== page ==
Melling: That makes sense. It is statistical. It is numerical by nature.

Olen: Try and cover an exhaustive space, which is difficult to do empirically, with simulation or emulation. But even then, they are running into challenges.

Fish: But to the question of accuracy of the net you produce, you have perfect hardware that is doing its job 100% correctly, and there is still the open question of why does it say a cat is a dog?

Strasser: If only it gets confused between cats and dogs.

SE: What improvements have been made in debug? What can we expect before AI takes over?

Melling: One of the cornerstones of debug is driver tracing. Driver tracing algorithms have really expanded. It is no longer just what caused this. It is how far back—especially X behaviors that are becoming a lot more sophisticated, which allow them to get back to root cause with the click of a button rather than having to go stage after stage back through the design.

Olen: Customers want tools that are built on modern stacks. We have a Qt stack, for example, as opposed to Eclipse or Tk. This enables them to be faster and refresh faster. They are more modern, they are more customizable. They actually enable the tools they are working with — the simulator or formal tools — to exchange the data more quickly. We are seeing big improvements in that area. We are seeing an interesting mix of Qt-based desktop debug and analytics being developed that work together with web-based systems for collaborative debug. Now, with teams all around the globe that are designing this part of the chip, ‘If one group has done this, lets not replicate each others work. I have this covered, you have that covered, lets analyze and understand all of our coverage metrics.’ There are some newer architectures in debug environments that support multiple tools — simulators, emulators, prototypes, formal, C synthesis, analog/mixed-signal — and these are consistent tools that can move from one to the next. They are context aware in the sense that they say, ‘I am doing real number modeling,’ or ‘I need to look at wires, that is what I care about.’ Or over here, ‘I am debugging my UVM testbench, so I need to look at the class libraries and understand what they look like.’ This is a whole new face to debug tools that is not a monolithic product. It also interfaces to cloud-based activities. Do you do debug in the cloud? Or will you run the engines in the cloud and have a clever streamlined pipe to get the necessary data onto your desktop? Or will you actually take advantage of web-based interfaces and technologies to debug something that is not on the desktop?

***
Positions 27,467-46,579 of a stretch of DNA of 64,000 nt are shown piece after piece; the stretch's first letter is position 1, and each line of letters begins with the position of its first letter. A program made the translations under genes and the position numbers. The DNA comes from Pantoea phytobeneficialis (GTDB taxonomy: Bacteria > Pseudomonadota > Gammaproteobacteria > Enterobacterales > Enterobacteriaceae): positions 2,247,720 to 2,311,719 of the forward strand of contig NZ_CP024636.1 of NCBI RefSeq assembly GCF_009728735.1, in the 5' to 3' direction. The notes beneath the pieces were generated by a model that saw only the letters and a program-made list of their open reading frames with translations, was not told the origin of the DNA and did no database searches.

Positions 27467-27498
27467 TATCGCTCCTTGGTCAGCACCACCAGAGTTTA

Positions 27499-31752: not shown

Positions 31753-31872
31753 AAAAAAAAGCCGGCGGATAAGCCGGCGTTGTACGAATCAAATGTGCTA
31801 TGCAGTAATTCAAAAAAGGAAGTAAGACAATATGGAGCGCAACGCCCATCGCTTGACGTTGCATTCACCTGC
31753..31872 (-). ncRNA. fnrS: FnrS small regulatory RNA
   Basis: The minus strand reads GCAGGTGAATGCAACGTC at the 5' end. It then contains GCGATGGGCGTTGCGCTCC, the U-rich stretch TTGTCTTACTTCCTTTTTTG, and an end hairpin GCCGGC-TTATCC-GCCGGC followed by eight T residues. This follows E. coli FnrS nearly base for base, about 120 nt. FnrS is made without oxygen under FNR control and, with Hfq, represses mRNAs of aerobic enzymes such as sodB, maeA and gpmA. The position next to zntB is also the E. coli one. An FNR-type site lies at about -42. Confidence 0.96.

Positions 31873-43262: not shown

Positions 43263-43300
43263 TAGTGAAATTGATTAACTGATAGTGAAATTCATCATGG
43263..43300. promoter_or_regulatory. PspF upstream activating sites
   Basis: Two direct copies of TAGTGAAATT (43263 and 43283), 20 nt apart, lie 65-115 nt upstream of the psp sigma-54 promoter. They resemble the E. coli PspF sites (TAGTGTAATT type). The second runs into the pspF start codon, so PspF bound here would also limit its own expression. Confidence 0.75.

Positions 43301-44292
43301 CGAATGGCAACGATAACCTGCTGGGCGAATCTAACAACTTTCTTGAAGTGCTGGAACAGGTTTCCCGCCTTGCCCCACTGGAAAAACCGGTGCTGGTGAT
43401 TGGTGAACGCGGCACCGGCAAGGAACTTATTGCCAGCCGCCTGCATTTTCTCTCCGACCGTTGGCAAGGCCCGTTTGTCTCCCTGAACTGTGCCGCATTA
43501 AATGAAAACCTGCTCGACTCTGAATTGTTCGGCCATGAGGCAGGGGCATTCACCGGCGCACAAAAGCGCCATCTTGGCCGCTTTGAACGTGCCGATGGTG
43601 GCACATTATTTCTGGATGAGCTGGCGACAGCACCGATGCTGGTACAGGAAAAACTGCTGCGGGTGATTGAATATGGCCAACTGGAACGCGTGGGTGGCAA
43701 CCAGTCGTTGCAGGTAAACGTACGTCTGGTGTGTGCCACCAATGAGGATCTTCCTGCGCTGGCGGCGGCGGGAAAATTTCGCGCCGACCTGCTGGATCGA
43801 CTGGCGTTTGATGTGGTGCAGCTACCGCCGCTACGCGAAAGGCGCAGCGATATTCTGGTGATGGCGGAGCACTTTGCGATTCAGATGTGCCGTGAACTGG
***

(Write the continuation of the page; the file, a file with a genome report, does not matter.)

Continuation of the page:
Fish: Shoving data or pushing data up to a server somewhere, where it can do analytics in a more thorough manner, is more interesting.

SE: That says that by doing it in the cloud you are doing more data crunching, whereas debug traditionally has been seen as being an interactive task.

Olen: We can now define debug to be two pieces. There is analytics and there is visualization. The analytics can definitely happen in the cloud, and that is probably optimal. In the functional verification survey, not only is debug the largest time-consumer, it is the least predictable. If you have peak needs, that is where the cloud can economically be a good solution. You need a lot right now, but I don’t need any for the next two weeks. Then for visualization, you need something that a human can see. That has to get to your display.

Melling: And performance has to be there for visualization. I was going add on to your context-aware comments that the ability to customize context awareness has improved. The user can use search mechanisms, color coding and highlighting different things so they can create their own context because they understand the design and they understand the data flow. Being able to highlight and track a data value through the system can be very powerful in the debug process.

Fish: What is the correct terminology for finding that you do have a problem, and then finding root cause?